Israel’s new UAE mission and the Palestinians

On its face, this is excellent news for Israel, but lurking close behind is a dangerous potential for complacency.

By ABE SILBERSTEIN
December 1, 2015 20:09
3 minute read.
Sheikh Zayed Grand Mosque in Abu Dhabi

Sheikh Zayed Grand Mosque in Abu Dhabi. (photo credit: Courtesy)

 
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The news last week that Israel would be opening a new diplomatic office in the United Arab Emirates, under the auspices of the International Renewable Energy Agency (IRENA), was just the latest sign that Israel’s relations with the Gulf States are improving. This followed the recently concluded nuclear agreement between the P5+1 and Iran, which many countries in the region view as evidence of a broader Western rapprochement with Iran.

On its face, this is excellent news for Israel, but lurking close behind is a dangerous potential for complacency.

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The news of this opening came just as US Secretary of State John Kerry left the region after a frustrating day of talks with Prime Minister Benjamin Netanyahu and Palestinian Authority President Mahmoud Abbas, which concluded with the failure to achieve any diplomatic progress. Therefore, this news could be seen as evidence that the status quo vis-à-vis the Palestinians is sustainable and consistent with improving relations with the Gulf States.

Such shortsighted thinking, while seductive for supporters of the status quo, is nevertheless mistaken.

There are three interconnected reasons for viewing the potential of Israel- Arab relations as being directly pegged to diplomatic progress toward a Palestinian state.

The first is that we have seen this production flop before. In 1996, economic relations between Israel and Qatar were established, only for them to be effectively shut down in the early days of the second intifada. The IRENA mission has not even been established yet and Israel is in the midst of what some security experts already deem a third intifada. If the government launches an ill-advised major offensive in the West Bank, this opening might well be put on ice.

If serious relations were established, they would still be affected by the Israeli- Palestinian conflict in both practical and rhetorical ways. The recent weakening of relations between Israel and Jordan over tensions on al-Aksa and the Temple Mount underlines this reality: Even a regional state that has already recognized Israeli sovereignty must resort to often hostile statements and actions when it comes to real or perceived Israeli transgressions.

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In a recent interview with Haaretz, Saudi Arabia’s moderate former intelligence chief, Prince Turki al-Faisal, still emphasized the importance resolving the Israeli-Palestinian conflict plays in cultivating Israel-Arab relations. There is no evidence to suggest there’s been a remarkable attitude shift in Gulf capitals on this question.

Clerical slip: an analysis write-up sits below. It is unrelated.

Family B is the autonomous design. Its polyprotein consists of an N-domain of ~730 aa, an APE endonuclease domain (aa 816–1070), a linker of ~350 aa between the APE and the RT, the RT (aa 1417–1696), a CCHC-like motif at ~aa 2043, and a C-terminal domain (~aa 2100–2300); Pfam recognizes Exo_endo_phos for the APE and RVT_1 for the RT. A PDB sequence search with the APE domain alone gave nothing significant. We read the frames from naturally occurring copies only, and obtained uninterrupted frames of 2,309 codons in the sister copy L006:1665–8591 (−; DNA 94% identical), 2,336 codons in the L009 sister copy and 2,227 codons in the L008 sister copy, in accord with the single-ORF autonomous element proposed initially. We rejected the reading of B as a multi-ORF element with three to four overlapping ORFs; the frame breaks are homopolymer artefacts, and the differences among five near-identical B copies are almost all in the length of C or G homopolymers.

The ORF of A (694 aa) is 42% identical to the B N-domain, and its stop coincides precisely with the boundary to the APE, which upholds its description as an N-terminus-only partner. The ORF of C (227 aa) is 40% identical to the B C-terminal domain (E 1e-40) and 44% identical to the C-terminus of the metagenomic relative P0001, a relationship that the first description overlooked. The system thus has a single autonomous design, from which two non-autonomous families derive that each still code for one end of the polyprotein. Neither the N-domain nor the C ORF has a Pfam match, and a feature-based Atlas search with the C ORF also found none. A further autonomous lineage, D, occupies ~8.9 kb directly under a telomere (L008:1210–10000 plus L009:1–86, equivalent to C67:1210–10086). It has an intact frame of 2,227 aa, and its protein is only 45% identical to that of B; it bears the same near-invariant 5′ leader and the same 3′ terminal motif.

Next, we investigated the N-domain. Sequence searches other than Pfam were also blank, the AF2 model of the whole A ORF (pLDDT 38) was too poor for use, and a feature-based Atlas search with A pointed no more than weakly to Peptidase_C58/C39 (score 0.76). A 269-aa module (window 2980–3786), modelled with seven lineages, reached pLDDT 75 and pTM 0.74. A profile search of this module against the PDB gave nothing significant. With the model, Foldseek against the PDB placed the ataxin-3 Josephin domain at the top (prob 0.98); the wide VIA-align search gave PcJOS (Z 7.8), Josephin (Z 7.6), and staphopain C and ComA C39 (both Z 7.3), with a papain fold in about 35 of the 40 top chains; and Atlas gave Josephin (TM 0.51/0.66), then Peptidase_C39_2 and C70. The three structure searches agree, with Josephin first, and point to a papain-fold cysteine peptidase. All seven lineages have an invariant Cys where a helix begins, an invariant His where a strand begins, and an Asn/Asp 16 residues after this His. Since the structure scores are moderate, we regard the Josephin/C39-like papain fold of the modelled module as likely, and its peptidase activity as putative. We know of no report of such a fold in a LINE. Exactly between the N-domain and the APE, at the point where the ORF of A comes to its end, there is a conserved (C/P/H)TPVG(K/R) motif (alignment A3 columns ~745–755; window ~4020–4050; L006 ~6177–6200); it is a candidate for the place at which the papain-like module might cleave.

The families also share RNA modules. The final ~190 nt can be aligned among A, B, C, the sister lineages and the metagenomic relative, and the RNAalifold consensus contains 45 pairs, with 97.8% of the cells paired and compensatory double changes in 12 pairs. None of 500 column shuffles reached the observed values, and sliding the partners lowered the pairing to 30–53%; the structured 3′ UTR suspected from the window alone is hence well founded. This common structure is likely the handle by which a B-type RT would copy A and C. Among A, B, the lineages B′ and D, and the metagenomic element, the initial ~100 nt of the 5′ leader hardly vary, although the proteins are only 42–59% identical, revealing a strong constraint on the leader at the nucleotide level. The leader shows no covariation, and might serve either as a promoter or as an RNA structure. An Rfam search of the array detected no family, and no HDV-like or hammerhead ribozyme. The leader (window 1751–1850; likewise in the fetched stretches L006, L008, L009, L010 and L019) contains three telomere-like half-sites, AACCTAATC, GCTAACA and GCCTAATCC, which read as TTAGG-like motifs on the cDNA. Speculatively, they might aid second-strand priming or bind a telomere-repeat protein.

SECOND, AN open relationship with Israel may not be of such paramount importance to the Gulf States. Unlike Israel, they chose to work with Washington throughout the process of negotiations with Iran. There is still every reason to believe they view their alliance with the United States as the lynchpin of any strategy to deter Iranian aggression. To that end, why should the Gulf States take such a risk if Israel is planning a long-term policy of occupation and settlement? Public opinion in the region, despite the recent rise of the Iranian threat, is still strongly anti-Israel. The unacknowledged channels these states maintain with Israel are more than sufficient in dealing with the threat from Iran, and unlike open channels, they don’t pose domestic challenges.

Finally, with regard to relations with the UAE itself, this seems more like a delayed quid pro quo than a serious diplomatic opening. Israel supported the UAE’s bid to host IRENA with the reasonable expectation that it would be allowed to house a representative in Abu Dhabi. The UAE has honored its end of the bargain over the past six years by allowing Israeli officials to attend IRENA conferences. The fact that it took until mid-2015 for the sides to move forward on an office location ought to be a story in itself.

Nonetheless, the importance of establishing an Israeli mission in an Arab state should not be understated. Nor, though, should it lead to the naïve conclusion that the Israeli-Palestinian conflict is no longer a concern for the Gulf.

The Israeli policy of “managing the conflict” is ultimately irreconcilable with a policy of open regional engagement.

Like all great diplomatic triumphs, enhanced relations with the Arab world will require risks on Israel’s part. Benjamin Netanyahu is, regrettably, not a leader known for taking even the smallest of gambles when it comes to Israel’s control of much of the West Bank – a recent report in this newspaper has his own brother-in-law saying as much.

The author is a writer based in New York City. His work has previously appeared in The Jerusalem Post, The Daily Beast, and NOW Lebanon.

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